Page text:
It is recommended that students watch the films before the sessions since only selected clippings will be shown during the sessions.

Práctico

Course description

This course addresses the comparison between written and filmed narratives considering the convergences and divergences in the modes of storytelling. After establishing a framework for the study of literature and film, a survey will be made of the various approaches to the study of adaptation ranging from classics such as Bluestone (1956) and McFarlane (1996) to recent developments such as Stam (2000) and Hutcheon (2006). A wide range of source texts including literary and popular narratives, short stories, graphic novels and comics will provide the testing ground for theories and approaches with a focus on the problem-solving nature of film adaptation. The course sessions will cover:

  1. The phenomenon of film adaptation: origins, types and theories.
  2. Narrative categories: narrator, point of view, space and time, narrative comprehension.
  3. Background: culture and film industry, audiences, genres and spectacles.
  4. Problems and solutions: analysis of adaptations of classic novels, comics and graphic novels, short fiction, non-fiction, bestsellers, etc.

Sessions 1, 2, 3, 4, 5, 6 and 7 (Dr. María Elena Rodríguez Martín):

  1. Narrative discourse: the universality of storytelling; the origins of film; literary and film narratives; written and audiovisual narratives; narrative and multimodality; transmedia narratives. Analysis of film scenes: E.T. The Extra-Terrestrial (Dir. Steven Spielberg, 1982) and A.I. Artificial Intelligence (Dir. Steven, Spielberg, 2001), The Lord of The Rings: The Fellowship of the Ring (Dir. Peter Jackson, 2001), Sleepy Hollow (Dir. Tim Burton, 1999), Memento (Dir. Christopher Nolan, 2000), Bridget Jones’s Diary (Dir. Sharon Maguire, 2001), Clueless (Dir. Amy Heckerling, 1995).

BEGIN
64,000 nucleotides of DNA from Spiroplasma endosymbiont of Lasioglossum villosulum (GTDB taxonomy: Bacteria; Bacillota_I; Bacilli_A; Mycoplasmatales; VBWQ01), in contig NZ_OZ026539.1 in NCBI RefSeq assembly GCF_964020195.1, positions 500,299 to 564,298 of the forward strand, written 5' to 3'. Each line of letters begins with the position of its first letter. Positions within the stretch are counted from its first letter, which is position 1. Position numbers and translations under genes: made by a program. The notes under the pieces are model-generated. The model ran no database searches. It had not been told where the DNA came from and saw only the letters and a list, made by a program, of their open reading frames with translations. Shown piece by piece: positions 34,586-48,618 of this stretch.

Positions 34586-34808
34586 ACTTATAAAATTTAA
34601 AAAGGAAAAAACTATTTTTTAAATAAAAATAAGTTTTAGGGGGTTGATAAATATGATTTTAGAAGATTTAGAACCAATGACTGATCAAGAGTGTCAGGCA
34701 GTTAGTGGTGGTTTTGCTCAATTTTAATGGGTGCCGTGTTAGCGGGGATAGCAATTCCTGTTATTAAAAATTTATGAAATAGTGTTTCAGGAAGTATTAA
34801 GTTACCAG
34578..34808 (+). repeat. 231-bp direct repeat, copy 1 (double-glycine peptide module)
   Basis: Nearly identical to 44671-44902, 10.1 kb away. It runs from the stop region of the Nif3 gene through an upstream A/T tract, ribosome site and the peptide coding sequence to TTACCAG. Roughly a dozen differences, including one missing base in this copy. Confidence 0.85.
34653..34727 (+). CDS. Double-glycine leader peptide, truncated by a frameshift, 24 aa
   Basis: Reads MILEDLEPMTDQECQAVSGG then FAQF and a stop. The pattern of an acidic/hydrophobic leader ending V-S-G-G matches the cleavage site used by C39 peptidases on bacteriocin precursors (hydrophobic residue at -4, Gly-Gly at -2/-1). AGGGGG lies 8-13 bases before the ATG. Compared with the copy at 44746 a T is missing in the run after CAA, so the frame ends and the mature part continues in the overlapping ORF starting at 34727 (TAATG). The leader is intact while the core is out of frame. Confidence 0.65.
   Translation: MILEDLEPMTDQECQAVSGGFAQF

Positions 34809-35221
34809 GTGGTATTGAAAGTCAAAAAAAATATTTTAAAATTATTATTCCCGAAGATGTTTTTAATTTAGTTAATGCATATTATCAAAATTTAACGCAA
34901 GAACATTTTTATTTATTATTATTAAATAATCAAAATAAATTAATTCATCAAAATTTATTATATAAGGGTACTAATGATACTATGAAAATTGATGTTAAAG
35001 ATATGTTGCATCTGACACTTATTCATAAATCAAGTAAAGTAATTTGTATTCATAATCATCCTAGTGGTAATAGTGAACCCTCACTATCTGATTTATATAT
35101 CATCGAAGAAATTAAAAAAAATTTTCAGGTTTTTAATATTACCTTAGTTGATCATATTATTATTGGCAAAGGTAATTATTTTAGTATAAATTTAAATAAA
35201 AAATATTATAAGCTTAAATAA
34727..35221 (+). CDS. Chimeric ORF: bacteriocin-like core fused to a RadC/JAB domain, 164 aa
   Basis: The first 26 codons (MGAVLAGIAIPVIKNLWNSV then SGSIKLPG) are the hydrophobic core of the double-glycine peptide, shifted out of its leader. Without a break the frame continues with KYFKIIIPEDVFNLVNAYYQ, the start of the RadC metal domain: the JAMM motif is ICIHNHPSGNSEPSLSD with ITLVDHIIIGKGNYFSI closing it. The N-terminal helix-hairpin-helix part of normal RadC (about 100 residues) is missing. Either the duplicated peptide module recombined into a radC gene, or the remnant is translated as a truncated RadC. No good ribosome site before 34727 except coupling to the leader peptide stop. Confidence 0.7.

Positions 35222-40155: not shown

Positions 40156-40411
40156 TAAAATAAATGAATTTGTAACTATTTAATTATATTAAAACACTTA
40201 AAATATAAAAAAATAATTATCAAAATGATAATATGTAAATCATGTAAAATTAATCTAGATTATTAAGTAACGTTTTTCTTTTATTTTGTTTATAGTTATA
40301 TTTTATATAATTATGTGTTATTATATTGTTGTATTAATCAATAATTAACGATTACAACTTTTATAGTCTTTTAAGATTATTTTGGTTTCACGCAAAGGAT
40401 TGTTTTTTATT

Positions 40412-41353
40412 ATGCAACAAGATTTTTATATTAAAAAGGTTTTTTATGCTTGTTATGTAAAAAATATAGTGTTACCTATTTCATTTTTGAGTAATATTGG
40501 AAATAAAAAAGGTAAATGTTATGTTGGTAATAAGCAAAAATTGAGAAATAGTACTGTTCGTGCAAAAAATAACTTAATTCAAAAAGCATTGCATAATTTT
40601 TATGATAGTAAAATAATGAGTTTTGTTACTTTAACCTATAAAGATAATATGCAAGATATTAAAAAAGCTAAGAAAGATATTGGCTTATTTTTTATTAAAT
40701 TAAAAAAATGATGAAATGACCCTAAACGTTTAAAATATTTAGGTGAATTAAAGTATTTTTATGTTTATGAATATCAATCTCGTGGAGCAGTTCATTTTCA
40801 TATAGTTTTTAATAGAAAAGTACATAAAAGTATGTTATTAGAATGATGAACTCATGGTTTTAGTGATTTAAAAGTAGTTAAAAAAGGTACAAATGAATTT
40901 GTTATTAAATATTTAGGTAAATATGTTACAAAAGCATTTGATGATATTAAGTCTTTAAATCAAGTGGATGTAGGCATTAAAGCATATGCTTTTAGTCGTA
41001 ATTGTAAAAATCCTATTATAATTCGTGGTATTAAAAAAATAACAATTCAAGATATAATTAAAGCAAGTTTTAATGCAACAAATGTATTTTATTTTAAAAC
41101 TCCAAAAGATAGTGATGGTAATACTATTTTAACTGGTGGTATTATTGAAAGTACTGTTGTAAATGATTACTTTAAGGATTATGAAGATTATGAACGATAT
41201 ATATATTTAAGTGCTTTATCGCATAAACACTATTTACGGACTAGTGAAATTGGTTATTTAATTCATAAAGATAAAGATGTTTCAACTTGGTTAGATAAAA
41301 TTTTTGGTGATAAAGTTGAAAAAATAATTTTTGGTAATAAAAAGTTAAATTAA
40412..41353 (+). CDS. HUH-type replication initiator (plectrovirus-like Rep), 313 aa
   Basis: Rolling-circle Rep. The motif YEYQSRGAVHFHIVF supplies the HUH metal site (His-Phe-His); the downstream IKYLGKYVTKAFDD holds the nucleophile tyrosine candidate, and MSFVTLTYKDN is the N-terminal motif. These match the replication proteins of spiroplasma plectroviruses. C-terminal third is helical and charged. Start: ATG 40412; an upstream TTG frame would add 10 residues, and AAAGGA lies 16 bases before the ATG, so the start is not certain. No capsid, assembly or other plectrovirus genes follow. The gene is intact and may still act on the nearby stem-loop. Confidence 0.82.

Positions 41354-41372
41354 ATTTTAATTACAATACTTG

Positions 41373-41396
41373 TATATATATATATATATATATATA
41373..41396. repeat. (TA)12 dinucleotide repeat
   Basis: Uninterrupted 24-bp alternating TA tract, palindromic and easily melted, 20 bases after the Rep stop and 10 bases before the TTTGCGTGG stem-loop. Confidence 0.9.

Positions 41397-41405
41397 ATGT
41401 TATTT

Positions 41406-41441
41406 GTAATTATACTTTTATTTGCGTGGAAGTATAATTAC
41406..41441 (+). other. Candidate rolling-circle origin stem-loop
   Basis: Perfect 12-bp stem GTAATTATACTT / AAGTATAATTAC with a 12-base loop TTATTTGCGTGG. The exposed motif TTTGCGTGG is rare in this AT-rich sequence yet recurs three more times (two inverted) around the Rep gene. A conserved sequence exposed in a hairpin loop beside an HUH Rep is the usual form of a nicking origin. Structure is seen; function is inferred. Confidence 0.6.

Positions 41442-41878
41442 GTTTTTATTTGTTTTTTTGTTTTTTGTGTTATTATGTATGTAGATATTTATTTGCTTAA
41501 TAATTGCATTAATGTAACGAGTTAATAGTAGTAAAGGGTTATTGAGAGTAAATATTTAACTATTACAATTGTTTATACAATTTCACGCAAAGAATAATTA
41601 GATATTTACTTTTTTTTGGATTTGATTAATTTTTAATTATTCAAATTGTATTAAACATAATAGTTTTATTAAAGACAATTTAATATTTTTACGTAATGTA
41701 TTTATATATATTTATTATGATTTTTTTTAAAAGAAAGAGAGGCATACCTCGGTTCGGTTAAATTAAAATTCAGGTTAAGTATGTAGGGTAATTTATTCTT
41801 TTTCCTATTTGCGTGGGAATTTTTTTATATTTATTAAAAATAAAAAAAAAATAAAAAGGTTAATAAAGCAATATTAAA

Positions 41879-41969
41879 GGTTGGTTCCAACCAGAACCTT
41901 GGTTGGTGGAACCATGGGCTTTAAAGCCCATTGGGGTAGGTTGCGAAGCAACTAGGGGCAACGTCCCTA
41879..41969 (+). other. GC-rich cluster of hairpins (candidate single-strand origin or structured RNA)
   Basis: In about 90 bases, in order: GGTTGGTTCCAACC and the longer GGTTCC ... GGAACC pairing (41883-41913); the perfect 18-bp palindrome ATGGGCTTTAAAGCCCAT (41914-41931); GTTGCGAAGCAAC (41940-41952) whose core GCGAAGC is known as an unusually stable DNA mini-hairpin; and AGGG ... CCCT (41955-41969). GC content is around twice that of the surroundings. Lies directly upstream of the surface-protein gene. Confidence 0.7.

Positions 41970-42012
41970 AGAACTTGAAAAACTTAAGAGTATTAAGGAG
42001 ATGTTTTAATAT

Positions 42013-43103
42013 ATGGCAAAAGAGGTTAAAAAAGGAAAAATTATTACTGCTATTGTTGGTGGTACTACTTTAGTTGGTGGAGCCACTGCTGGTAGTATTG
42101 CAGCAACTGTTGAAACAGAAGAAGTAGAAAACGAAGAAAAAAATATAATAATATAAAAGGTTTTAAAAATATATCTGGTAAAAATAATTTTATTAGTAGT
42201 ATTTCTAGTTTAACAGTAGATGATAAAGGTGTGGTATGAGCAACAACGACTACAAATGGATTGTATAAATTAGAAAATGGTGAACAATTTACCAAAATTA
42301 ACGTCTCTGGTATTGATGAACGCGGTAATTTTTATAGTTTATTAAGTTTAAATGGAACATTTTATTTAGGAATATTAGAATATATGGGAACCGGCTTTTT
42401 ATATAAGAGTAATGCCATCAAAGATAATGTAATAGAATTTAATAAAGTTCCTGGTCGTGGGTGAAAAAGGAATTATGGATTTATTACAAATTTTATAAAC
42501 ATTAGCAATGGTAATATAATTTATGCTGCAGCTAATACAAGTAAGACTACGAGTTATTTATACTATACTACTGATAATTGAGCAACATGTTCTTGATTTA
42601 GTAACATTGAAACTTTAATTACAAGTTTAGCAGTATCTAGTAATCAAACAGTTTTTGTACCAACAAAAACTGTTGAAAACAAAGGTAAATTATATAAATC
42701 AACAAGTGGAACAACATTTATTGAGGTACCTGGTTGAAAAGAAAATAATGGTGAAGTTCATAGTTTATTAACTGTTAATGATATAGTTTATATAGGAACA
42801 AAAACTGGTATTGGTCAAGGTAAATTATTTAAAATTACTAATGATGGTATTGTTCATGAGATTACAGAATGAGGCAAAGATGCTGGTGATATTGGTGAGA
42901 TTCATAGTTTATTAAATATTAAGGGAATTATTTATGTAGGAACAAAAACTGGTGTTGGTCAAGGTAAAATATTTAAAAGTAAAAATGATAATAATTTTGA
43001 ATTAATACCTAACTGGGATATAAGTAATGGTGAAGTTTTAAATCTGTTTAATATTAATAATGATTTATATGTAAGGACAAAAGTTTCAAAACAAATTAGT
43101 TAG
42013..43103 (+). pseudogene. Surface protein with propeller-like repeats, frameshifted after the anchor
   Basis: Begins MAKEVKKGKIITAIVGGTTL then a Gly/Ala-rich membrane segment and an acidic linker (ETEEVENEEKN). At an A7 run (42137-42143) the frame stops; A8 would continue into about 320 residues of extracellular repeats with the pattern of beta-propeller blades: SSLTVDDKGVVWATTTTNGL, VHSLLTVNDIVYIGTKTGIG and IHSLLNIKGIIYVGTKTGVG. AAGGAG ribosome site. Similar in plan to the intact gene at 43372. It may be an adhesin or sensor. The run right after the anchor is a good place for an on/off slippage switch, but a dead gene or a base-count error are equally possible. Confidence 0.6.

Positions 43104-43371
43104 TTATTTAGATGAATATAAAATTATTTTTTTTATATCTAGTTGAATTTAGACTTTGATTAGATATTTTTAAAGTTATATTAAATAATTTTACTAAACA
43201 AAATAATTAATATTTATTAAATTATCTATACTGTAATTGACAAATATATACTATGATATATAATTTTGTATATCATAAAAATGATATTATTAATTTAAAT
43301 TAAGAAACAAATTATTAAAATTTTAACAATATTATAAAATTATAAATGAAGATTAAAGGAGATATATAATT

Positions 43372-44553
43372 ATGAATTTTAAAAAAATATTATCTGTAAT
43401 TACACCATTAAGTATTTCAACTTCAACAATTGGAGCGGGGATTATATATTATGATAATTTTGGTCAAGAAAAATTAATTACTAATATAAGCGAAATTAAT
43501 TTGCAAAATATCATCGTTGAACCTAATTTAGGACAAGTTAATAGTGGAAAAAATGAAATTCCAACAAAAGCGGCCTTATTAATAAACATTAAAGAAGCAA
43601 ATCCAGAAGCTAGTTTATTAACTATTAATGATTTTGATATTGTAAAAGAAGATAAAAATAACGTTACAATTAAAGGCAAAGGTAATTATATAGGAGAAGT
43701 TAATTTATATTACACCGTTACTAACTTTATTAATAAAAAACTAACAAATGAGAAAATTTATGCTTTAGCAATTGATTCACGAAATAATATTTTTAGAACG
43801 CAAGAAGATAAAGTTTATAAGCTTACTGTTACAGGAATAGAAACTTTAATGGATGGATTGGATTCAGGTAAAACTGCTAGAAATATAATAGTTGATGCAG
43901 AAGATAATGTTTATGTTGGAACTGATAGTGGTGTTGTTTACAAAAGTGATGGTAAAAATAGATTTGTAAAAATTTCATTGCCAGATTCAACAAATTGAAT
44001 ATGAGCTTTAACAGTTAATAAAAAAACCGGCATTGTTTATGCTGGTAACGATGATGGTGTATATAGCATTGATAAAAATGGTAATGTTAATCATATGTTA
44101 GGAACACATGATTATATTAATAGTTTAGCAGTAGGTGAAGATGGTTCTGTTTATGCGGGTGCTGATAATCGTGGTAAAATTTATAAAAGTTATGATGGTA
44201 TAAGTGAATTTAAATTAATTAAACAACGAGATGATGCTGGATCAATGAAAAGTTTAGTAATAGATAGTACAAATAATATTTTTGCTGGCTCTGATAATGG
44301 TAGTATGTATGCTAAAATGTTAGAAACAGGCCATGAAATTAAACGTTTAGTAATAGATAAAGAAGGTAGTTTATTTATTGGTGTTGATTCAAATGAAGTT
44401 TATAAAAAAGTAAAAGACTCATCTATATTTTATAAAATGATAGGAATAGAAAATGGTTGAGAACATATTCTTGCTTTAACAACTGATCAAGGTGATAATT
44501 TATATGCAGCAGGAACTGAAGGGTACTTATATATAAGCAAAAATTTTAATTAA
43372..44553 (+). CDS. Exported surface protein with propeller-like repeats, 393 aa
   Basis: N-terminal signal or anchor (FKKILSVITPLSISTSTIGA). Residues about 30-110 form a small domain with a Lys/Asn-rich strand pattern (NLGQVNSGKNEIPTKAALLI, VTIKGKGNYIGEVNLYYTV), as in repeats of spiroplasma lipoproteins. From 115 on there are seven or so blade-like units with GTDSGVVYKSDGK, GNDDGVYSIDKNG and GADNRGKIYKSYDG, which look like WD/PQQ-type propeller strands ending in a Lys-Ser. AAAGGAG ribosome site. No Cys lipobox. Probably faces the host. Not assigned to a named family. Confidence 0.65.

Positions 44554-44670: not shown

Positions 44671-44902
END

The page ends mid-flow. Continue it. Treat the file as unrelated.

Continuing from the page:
2. Film adaptation: origins and reasons for adaptations; theories of adaptation. Analysis of film scenes: Atonement (Dir. Joe Wright, 2007).
  3. Adapting classics: adaptations of Jane Austen's Life and Works. Analysis of the film Mansfield Park (Dir. Patricia Rozema, 1999).
  4. Analysing narrative discourse in novel and film. Analysis of the film The Hours (Dir. Stephen Daldry, 2002).

Sessions 8, 9, 10, 11, 12 and 13 (Dr. Miguel Ángel Martínez-Cabeza):

  1. Adaptation and film genres: Adaptation (Dir. Spike Jonze, 2002) Paris When it Sizzles (Dir. Richard Quine, 1964).
  2. Adapting comics. Films: American Splendor (Dir. Robert Pulcini/Shari Springer Berman, 2003), A History of Violence (Dir. David Cronenberg, 2005), Sin City (Dir. Robert Rodríguez/Frank Miller, 2005).
  3. Adapting shorter fiction. Films: Memento (Dir. Christopher Nolan, 2000), Million $$$ Baby (Dir. Clint Eastwood, 2004), Secret Window (Dir. David Koepp, 2004).
  4. Adapting non-fiction. Films: Invictus (Dir. Clint Eastwood, 2009), District 9 (Dir. Neill Blomkamp, 2009).
  5. Adapting best-selling fiction. Films: Inferno (Dir. Ron Howard, 2016), The Girl on the Train (Dir. Tate Taylor, 2016).
  6. Adapting as (de)constructing. TV series: Sleepy Hollow (Season 1), Sherlock (The Abominable Bride, special 2016), Once upon a Time (Season 7).

It is recommended that students watch the films before the sessions since only selected clippings will be shown during the sessions.

Bibliografía

Bibliografía fundamental

Sessions Dr. Rodríguez Martín (Sessions 1-7):

Narrative discourse (written and audiovisual narratives):

  • Bordwell, D. and K. Thompson (1979). Film Art. An Introduction. The McGraw-Hill Companies, Inc.
  • Bordwell, D. (1985). Narration in the Fiction Film. Routledge.
  • Branigan, E. (1992). Narrative Comprehension and Film. London, New York: Routledge.
  • Chatman, S. (1978). Story and Discourse. Narrative Structure in Fiction and Film. USA: Cornell University Press.
  • Chatman, S. (1990). Coming to Terms. The Rhetoric of Narrative in Fiction and Film. Ithaca and London: Cornell University Press.
  • Deleyto, C. (1991), “Focalisation in Film Narrative”, ATLANTIS, vol. XIII, november 1991, 1-2: 159-177.
  • Giannetti, L. (1995). Understanding Movies. Englewood Cliffs, N.J.: Prentice Hall.
  • Page, R. (2010). New Perspectives on Narrative and Multimodality. New York and London: Routledge.
  • Scolari, C. A. (2009). “Transmedia Storytelling: Implicit Consumers, Narrative Worlds, and Branding in Contemporary Media Production”. International Journal of Communication 3: 586-606.

Film adaptation:

  • Aragay, M. (ed.) (2005). Books in Motion: Adaptation, Intertextuality, Authorship. Series: Contemporary Cinema. Amsterdam, New York: Rodopi.
  • Bluestone, G. (1957). Novels into Film. Berkeley and Los Angeles: University of California Press, London: Cambridge University Press.